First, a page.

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- (Received Pronunciation) IPA(key): /ˌhʌləbəˈluː/
- (General American) IPA(key): /ˌhʌləbəˈlu/, /ˈhʌləbəˌlu/
Audio (GA) (file) Audio (AU) (file)
- Hyphenation: hul‧la‧ba‧loo
hullabaloo (plural hullabaloos)
- A clamour, a commotion; a fuss or uproar. [from 17th c.]
- Synonyms: ado, hype, to-do; see also Thesaurus:commotion
- They made such a hullabaloo about the change that the authorities were forced to change it back.
- 1899 March, Joseph Conrad, “The Heart of Darkness”, in Blackwood’s Edinburgh Magazine, volume CLXV, number MI, New York, N.Y.: The Leonard Scott Publishing Company, […], OCLC 1042815524, part II:
- Certainly they had brought with them some rotten hippo–meat, which couldn’t have lasted very long, anyway, even if the pilgrims hadn’t, in the midst of a shocking hullabaloo, thrown a considerable quantity of it overboard.
- 1967, Barbara Sleigh, Jessamy, Sevenoaks, Kent: Bloomsbury, published 1993, →ISBN, page 32:
- 'Sarah, could you bring me the calendar from the wall over there? Does it say the right date?' 'Two days behind – and small wonder no one tore it off with all the hullaballoo going on. Ever so pretty, isn't it?' said Sarah as she handed the calendar to Jessamy.
clamour, commotion, fuss or uproar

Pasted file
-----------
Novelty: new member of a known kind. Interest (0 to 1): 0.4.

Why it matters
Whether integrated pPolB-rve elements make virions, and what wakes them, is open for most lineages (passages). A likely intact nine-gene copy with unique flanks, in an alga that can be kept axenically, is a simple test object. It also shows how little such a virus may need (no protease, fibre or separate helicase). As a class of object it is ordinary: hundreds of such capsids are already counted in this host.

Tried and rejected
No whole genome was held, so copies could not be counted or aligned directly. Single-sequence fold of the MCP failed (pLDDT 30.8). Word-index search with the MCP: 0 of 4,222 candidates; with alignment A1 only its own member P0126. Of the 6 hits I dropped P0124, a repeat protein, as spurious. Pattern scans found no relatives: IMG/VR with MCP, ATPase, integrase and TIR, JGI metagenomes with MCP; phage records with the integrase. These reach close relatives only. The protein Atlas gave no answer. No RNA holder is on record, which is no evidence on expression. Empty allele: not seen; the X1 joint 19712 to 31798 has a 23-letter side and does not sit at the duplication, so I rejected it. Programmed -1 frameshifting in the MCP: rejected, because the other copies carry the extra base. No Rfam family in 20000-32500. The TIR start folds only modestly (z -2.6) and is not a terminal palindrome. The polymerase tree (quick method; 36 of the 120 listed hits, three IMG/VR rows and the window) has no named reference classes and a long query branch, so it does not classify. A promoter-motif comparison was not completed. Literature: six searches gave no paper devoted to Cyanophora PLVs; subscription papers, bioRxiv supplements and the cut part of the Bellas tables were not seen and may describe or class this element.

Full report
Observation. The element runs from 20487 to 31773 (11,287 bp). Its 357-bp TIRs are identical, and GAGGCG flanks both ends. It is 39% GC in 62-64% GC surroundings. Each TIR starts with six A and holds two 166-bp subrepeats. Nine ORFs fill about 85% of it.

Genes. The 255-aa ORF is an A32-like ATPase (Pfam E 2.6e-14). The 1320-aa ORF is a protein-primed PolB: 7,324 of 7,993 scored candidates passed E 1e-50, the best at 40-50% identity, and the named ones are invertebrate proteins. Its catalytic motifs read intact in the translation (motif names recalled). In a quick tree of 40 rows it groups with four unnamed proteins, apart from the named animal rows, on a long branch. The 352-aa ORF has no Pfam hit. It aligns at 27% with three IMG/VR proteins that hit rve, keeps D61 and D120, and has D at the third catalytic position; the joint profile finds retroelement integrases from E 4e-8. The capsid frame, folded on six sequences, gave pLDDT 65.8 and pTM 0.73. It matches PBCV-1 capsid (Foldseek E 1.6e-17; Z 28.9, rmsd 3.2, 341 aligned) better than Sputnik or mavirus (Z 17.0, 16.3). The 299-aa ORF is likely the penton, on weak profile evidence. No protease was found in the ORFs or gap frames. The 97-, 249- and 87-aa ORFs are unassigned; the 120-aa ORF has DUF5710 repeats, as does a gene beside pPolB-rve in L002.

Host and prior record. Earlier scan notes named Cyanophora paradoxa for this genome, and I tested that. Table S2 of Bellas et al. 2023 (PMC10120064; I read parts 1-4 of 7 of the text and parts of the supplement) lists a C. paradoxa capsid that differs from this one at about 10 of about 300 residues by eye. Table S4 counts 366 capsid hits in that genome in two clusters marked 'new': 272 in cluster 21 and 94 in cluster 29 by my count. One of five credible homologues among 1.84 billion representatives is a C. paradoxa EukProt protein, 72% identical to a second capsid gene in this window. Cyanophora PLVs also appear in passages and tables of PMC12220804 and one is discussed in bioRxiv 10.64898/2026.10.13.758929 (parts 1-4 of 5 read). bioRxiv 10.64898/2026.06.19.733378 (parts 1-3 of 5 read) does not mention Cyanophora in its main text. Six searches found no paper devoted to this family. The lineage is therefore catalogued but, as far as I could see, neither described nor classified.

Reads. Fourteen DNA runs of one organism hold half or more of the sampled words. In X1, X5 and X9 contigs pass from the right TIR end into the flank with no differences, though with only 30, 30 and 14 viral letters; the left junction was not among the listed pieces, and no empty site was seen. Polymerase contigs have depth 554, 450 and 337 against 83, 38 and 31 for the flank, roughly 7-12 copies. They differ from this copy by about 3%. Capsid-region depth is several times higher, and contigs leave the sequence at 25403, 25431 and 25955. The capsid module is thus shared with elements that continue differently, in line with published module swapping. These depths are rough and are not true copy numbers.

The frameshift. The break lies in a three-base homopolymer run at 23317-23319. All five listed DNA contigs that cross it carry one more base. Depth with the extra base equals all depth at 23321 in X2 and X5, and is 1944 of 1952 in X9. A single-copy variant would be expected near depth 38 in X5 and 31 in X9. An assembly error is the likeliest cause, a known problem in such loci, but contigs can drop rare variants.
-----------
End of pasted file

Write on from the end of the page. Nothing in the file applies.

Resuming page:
- (intransitive) To make a commotion or uproar.
- 1844, George Carter Needham, Street Arabs and Gutter Snipes: The Pathetic and Humorous Side of Young Vagabond Life in the Great Cities, with Records of Work for Their Reclamation, D. L. Guernsey:
- They roared, they danced, they hullaballoed, they pinched one another; they behaved like young savages – but I knew I had got them safe.
- 1867, Cometh Up as a Flower: An Autobiography, volume I, London: Richard Bentley, […], pages 53–54:
- "Nonsense, child," said my father, smiling. "Did you ever see a stone thrown into the pond? there's a great splash, and a few circles on the water, and that's about all, isn't it? Well, when I die there'll be a great splash of tears and hullaballooing, and a few circles of tender recollections, and then the surface will smooth itself over, and it'll be all right again."
- 2013 January 8, Rory Carroll, “CES 2013: TV companies hope size and sharpness are the future”, in The Guardian:
- In addition to size, manufacturers hope to attract buyers with added gadgetry despite disappointing sales of 3D televisions, an innovation hullaballooed at CES last year only to flop in stores.
to make a commotion or uproar